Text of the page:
Malaysian Manufacturers Back Free Trade With U.S.

KUALA LUMPUR, Malaysia (AP) - Malaysian manufacturers Thursday reaffirmed support for the government's plan to forge a free trade pact with the United States amid protests from activists who feared it would only benefit Americans.

U.S. and Malaysian officials are due later Thursday to wrap up their first round of talks, which began Monday on the northern island of Penang. Both sides hope to conclude talks by the year-end.

Some 100 representatives from various nongovernment groups staged a peaceful protest Monday in Penang to express reservations about the trade deal. U.S. negotiators have said Washington wants transparency in awarding of government contracts, greater imports of foreign cars and better access to financial markets.

But the Federation of Malaysian Manufacturers, or FMM, said a free trade agreement would benefit local makers of footwear, textile, apparel and ceramic tableware, which face high import duties in the U.S.

''Preferential treatment gained through this FTA will provide Malaysian manufacturers the competitive advantage over competitors that are able to produce at lower cost such as from China,'' it said in a statement.

''The liberalization in tariffs enables such products from Malaysia to penetrate the U.S. market as well as boost current exports.''

However, the FMM cautioned both sides must not rush negotiations but ensure they address wide technology and economic gap between the two nations to ensure the FTA brings tangible economic benefits.

The United States is Malaysia's top trading partner, accounting for nearly 17 percent of the Southeast Asian nation's global trade in 2005. It is also Malaysia's No. 1 foreign investor and its main export market.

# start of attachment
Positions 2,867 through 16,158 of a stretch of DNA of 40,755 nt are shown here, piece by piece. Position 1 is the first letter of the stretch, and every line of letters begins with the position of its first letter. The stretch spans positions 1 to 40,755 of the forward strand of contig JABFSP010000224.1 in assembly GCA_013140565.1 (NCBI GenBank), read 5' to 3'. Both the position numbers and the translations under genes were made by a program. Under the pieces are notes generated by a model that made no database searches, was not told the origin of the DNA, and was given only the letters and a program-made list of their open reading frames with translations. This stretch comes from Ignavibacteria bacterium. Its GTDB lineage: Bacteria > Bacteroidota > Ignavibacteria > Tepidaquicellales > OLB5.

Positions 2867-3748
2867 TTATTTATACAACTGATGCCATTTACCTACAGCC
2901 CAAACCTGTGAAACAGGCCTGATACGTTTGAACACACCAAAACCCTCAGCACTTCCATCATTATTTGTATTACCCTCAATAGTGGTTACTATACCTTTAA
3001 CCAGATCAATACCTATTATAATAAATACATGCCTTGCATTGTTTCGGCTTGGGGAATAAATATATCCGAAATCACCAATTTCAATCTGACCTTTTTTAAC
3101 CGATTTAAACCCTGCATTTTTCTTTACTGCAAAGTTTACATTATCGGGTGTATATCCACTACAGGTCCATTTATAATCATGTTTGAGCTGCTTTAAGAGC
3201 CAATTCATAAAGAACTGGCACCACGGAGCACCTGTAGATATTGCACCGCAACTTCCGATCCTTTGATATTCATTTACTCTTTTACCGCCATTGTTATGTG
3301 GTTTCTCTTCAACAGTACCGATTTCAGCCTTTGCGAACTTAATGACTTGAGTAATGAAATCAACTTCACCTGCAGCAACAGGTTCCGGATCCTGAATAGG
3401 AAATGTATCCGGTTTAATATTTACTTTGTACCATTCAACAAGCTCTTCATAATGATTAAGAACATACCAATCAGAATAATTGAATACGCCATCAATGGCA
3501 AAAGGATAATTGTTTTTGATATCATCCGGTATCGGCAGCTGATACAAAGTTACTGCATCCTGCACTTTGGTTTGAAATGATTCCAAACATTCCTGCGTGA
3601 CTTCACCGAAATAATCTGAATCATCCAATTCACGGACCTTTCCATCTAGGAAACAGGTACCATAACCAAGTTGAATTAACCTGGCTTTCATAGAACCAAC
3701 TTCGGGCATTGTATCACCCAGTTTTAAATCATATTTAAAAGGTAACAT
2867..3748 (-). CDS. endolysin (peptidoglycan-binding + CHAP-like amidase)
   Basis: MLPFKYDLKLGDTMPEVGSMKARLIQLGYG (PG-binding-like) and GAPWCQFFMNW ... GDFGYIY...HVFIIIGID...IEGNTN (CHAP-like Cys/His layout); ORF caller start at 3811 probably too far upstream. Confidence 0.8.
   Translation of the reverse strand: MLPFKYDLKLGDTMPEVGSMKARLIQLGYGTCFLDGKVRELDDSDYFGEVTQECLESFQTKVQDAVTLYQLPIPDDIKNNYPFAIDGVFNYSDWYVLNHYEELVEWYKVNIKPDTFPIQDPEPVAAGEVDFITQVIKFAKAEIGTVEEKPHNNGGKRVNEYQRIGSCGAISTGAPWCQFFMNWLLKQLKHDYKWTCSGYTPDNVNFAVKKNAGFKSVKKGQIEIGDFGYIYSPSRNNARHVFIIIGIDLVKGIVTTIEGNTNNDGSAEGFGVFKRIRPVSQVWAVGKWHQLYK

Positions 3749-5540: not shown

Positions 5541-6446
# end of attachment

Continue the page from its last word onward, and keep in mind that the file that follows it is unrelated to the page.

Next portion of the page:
Malaysia is the United States' 10th largest trading partner, with US$44 billion (euro36 billion) in two-way trade. Officials predict it will double by 2010 once the free trade pact is in place.

The FMM said opportunities to tap the U.S. market, which remains the largest in the world with imports about US$1.5 trillion (euro1 trillion) should generate a net gain for Malaysian manufacturers.

It noted that U.S.-Singapore trade jumped by more than 10 percent last year after they signed a free trade agreement, while Australia also reported sharp rise in exports of meat and dairy products and expansion in services a year after sealing an FTA with Washington.

Washington, which is also negotiating trade deals with Thailand and South Korea, hopes to send all three deals to Congress for approval before July 2007, the expiration of President George W. Bush's authority to negotiate trade deals that require Congress to approve or reject them without adding any amendments.

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